If there is one thing we learn from observing the biblical narrative from start to finish, it’s this: God never really tells a story in a straight line. He loves unexpected twists, turns and ironies. He loves to confound the wisdom of the wise. He loves to do the big things with the little things.
- Image bearers coming from dust
- Helpmates coming from ribs
- The youngest sheepherder in a little known family in the lowest tribe becoming king
- Barren women bearing nations
- Persecutors becoming preachers
- Mustard seeds becoming trees that fill the sky
- Wolves dwelling with lambs
- Crooked places becoming straight
- The high brought low and the humble elevated
God invented the plot twist.
The advent of Christ is the manifestation, the incarnation of God’s way in the midst of man’s way. In the garden, God laid before man Truth, Goodness, Beauty and Life. When he fell, man did not stop seeking Truth, Goodness, Beauty and Life. It’s just that he redefined (that is, he mis-defined) Truth Goodness, Beauty and Life. As fallen man, he called false things “True,” bad things “Good,” ugly things “Beautiful,” and he called death “Life”…and vice versa.
So now man walks through life looking and living completely upside down.
Enter Jesus of Nazareth.
Here we have the second Adam, a man who is sinless. He lives the Godward life. His compass is set to “true north.”
It got him killed.
He would eventually be crucified as, of all things, a blasphemer…a lawbreaker. The one who kept every jot and tittle of the law, would be punished as a lawbreaker.
Twists and turns don’t end here.
This Lawbreaker would die, and in so doing would (you guessed it) live forever. This act, according to the Lawbreaker makes everything new. It turns death in on itself so its teeth are broken, its sting removed and its victory revoked. Come to find out, dying kills death! Laying down one’s life is how one saves it.
So, in this world turned upside down, we are made to see aright. We are told to “repent” (that is, to turn around) and “die,” which is actually living because everything we’ve been taught in our messed up, twisted world was wrong.
A little child has led us. He teaches us a different way of looking at the world, thinking about the world and living in the world. He shows us right side up.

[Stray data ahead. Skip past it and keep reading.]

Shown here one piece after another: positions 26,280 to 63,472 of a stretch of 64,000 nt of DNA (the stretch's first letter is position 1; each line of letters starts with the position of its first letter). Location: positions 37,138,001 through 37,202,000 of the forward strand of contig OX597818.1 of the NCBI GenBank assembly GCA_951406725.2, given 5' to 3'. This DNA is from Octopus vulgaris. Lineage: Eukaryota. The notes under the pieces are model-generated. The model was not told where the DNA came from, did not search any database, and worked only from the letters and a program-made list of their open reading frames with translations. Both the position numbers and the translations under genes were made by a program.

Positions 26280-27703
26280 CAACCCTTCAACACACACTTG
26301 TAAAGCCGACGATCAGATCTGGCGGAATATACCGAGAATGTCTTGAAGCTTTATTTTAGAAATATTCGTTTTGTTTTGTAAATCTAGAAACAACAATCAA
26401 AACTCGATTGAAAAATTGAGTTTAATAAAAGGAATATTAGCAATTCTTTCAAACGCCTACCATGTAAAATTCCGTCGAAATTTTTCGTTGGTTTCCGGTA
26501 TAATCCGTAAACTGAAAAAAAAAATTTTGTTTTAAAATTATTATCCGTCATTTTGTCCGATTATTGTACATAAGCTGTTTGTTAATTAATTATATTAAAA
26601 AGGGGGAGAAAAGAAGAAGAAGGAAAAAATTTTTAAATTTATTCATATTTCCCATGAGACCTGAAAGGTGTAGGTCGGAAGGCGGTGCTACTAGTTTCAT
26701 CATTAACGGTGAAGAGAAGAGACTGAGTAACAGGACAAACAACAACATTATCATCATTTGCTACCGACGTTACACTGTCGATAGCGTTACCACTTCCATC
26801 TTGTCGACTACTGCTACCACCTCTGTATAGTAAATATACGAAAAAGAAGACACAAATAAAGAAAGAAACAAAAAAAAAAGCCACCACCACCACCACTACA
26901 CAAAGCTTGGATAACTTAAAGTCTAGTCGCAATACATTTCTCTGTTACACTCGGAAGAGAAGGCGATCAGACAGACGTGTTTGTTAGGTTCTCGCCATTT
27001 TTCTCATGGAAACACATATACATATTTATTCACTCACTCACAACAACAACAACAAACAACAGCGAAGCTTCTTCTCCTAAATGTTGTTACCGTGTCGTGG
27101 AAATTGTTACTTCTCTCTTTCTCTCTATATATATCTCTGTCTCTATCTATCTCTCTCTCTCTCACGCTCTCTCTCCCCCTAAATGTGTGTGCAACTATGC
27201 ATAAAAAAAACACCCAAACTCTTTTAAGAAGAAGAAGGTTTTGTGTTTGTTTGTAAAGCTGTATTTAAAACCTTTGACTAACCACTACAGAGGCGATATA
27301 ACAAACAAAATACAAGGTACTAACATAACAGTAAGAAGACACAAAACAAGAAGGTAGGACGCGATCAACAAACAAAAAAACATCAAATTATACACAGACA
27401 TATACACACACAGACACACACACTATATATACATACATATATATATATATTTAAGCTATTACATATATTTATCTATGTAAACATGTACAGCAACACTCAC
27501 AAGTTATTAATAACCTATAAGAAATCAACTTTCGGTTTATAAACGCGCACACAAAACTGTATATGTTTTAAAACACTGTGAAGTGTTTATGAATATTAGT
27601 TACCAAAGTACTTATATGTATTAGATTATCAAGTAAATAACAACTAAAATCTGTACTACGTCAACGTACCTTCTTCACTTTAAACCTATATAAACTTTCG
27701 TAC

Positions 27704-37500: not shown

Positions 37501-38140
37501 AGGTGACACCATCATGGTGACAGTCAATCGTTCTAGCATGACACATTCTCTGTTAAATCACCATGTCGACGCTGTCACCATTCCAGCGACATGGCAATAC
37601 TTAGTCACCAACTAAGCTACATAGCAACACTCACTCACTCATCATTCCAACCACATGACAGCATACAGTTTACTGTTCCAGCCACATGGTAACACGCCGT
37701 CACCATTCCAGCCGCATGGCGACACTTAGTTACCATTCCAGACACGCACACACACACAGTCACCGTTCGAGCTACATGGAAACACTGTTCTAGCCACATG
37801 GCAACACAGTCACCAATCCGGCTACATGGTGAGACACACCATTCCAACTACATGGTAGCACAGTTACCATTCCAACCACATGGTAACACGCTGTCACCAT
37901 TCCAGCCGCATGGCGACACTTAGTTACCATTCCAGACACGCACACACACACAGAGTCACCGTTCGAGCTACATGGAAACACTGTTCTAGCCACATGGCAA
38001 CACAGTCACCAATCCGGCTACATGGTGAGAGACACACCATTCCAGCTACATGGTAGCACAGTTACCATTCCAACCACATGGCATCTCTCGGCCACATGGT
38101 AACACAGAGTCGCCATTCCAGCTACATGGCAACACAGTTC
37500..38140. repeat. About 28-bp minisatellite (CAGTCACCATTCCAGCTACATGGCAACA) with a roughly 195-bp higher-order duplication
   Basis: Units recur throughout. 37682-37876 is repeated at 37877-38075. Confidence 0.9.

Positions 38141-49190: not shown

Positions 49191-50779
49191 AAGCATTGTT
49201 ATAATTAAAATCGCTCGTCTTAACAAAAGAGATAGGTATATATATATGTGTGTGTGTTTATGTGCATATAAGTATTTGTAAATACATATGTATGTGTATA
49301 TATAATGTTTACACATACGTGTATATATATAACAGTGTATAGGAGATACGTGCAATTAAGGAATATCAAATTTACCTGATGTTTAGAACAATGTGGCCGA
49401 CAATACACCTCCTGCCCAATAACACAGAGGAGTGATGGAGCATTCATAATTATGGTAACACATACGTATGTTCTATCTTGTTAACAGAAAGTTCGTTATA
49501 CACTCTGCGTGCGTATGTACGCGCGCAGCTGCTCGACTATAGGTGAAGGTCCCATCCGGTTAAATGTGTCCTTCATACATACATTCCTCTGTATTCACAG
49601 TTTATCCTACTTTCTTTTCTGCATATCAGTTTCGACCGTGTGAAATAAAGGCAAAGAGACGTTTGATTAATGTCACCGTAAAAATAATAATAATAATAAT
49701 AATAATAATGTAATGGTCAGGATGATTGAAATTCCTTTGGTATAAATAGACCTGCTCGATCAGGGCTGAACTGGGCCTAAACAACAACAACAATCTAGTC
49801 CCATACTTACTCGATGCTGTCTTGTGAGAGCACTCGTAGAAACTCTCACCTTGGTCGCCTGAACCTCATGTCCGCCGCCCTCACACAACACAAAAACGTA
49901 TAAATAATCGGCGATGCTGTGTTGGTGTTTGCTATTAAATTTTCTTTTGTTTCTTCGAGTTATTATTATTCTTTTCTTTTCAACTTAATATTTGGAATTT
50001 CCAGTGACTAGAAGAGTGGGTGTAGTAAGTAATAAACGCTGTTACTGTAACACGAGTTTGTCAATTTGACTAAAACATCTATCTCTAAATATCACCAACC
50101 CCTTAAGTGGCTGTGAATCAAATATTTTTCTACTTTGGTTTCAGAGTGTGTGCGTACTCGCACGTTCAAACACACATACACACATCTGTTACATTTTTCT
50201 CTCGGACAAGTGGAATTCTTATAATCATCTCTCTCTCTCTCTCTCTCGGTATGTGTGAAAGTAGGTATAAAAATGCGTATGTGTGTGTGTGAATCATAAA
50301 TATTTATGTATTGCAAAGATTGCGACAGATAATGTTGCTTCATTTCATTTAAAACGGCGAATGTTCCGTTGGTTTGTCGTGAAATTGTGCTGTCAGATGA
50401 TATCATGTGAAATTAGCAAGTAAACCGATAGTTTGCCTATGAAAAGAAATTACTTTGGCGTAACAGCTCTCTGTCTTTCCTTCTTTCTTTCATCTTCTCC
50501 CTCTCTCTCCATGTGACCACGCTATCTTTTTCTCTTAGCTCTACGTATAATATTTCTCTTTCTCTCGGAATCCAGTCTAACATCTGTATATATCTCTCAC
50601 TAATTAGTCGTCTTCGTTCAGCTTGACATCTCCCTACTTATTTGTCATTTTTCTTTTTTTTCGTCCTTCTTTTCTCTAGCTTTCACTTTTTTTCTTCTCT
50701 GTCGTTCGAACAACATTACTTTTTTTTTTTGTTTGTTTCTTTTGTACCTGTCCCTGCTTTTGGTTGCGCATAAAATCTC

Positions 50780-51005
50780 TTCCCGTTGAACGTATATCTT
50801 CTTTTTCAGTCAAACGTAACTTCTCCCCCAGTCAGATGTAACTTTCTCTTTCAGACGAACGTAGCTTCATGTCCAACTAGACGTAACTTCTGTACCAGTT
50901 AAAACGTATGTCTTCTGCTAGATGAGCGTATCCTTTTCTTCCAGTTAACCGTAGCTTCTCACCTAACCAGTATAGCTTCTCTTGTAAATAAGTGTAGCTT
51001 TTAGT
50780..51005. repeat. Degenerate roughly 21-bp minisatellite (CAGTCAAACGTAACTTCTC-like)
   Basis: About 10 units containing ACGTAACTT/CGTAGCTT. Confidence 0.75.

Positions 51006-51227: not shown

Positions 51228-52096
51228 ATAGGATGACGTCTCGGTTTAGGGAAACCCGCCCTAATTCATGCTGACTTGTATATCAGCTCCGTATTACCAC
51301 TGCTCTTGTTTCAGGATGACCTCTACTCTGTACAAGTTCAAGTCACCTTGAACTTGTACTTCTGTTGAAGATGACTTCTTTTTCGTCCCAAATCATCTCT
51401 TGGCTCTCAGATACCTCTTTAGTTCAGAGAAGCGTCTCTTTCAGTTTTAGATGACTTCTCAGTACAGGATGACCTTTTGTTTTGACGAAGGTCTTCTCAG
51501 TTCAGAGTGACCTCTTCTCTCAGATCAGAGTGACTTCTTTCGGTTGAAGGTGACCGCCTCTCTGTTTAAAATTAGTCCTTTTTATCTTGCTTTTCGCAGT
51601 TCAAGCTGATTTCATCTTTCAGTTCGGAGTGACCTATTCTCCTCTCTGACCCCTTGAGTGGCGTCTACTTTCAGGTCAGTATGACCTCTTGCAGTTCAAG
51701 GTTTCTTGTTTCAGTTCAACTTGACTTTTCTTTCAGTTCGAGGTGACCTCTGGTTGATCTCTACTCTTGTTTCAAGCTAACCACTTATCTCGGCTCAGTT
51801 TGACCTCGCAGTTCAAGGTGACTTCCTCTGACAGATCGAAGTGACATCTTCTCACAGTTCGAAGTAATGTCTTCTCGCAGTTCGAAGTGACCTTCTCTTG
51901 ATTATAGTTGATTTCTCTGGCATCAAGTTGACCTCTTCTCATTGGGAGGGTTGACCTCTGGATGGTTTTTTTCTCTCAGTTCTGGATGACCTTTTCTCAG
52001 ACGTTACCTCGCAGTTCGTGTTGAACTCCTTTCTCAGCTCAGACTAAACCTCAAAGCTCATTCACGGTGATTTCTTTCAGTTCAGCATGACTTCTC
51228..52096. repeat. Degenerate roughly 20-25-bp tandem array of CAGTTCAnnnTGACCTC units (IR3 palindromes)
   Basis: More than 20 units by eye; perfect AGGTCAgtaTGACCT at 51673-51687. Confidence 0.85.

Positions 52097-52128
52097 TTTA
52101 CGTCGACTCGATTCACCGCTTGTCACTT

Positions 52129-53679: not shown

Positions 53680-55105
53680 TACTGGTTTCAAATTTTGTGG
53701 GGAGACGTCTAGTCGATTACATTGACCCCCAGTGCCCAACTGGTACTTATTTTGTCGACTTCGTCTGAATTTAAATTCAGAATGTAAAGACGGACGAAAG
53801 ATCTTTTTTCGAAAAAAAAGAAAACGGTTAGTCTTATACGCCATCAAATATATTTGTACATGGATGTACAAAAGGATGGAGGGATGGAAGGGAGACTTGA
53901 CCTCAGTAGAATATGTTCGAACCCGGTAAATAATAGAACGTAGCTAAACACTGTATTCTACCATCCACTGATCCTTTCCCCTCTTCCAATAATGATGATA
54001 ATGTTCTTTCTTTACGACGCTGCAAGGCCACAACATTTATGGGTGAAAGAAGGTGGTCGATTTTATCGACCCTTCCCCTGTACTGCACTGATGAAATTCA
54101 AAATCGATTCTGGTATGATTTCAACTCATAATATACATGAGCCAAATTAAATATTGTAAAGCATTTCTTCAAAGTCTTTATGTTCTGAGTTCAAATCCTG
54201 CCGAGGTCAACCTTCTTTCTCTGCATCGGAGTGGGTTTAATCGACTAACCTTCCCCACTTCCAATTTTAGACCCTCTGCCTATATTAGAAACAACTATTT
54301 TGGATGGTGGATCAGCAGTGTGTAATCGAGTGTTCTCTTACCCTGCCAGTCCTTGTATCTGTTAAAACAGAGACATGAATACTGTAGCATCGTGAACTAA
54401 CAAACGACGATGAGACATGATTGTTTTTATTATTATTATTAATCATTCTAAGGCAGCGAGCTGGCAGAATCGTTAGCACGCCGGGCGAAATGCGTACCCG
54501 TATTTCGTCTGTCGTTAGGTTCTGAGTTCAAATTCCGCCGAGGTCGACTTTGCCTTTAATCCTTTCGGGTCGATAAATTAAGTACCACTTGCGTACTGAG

Around the table, talk about what living a “Godward life” looks like…and what it may cost.
Advent Readings for Week 4
|Sunday, December 21||Isaiah 11:1–10|
|Monday, December 22||Zephaniah 3:14– 7|
|Tuesday, December 23||Matthew 1:18–25|
|Wednesday, December 24||Luke 2:8–20|
|Thursday, December 25||Matthew 4:14–16|
|Friday, December 26||Isaiah 2:1–5|
|Saturday, December 27||Luke 2:25–33|
More Posts by This Author:
- Speaking Up
- The School of the Prophet (First Week of Advent)
- Doing What We Are Made For
- With Gratitude
- CCS Biology Labs Are Glowing!
- A Garden of Children
- Light in the Darkness (Second Week of Advent)
- Light in the Darkness (Third Week of Advent)
- Common Core at CCS?
- Beyond Cliché: Trinitarian Education (Part 1 of 3)
Mr. Dell Cook teaches Theology and Apologetics. He holds a B.S. from Appalachian State University, a M.Div from Southeastern Baptist Theological Seminary, and a Th.M. from Reformed Theological Seminary. Mr. Cook has served at CCS since 2000 teaching 4th grade, Old and New Testament, Theology, Apologetics, Church History, Hebrew, Greek, and Hermeneutics. He has served as Director of Athletics and coached girls’ basketball, middle school golf, junior varsity and varsity football, and from 2012 to 2018 he served as Headmaster. Mr. Cook serves on the Board of Directors for the Association of Classical and Christian Schools as well as the Academic Advisory Board for the Classical Learning Test. He and his wife Ginny have three children: two are graduates of CCS, and the third is a current student.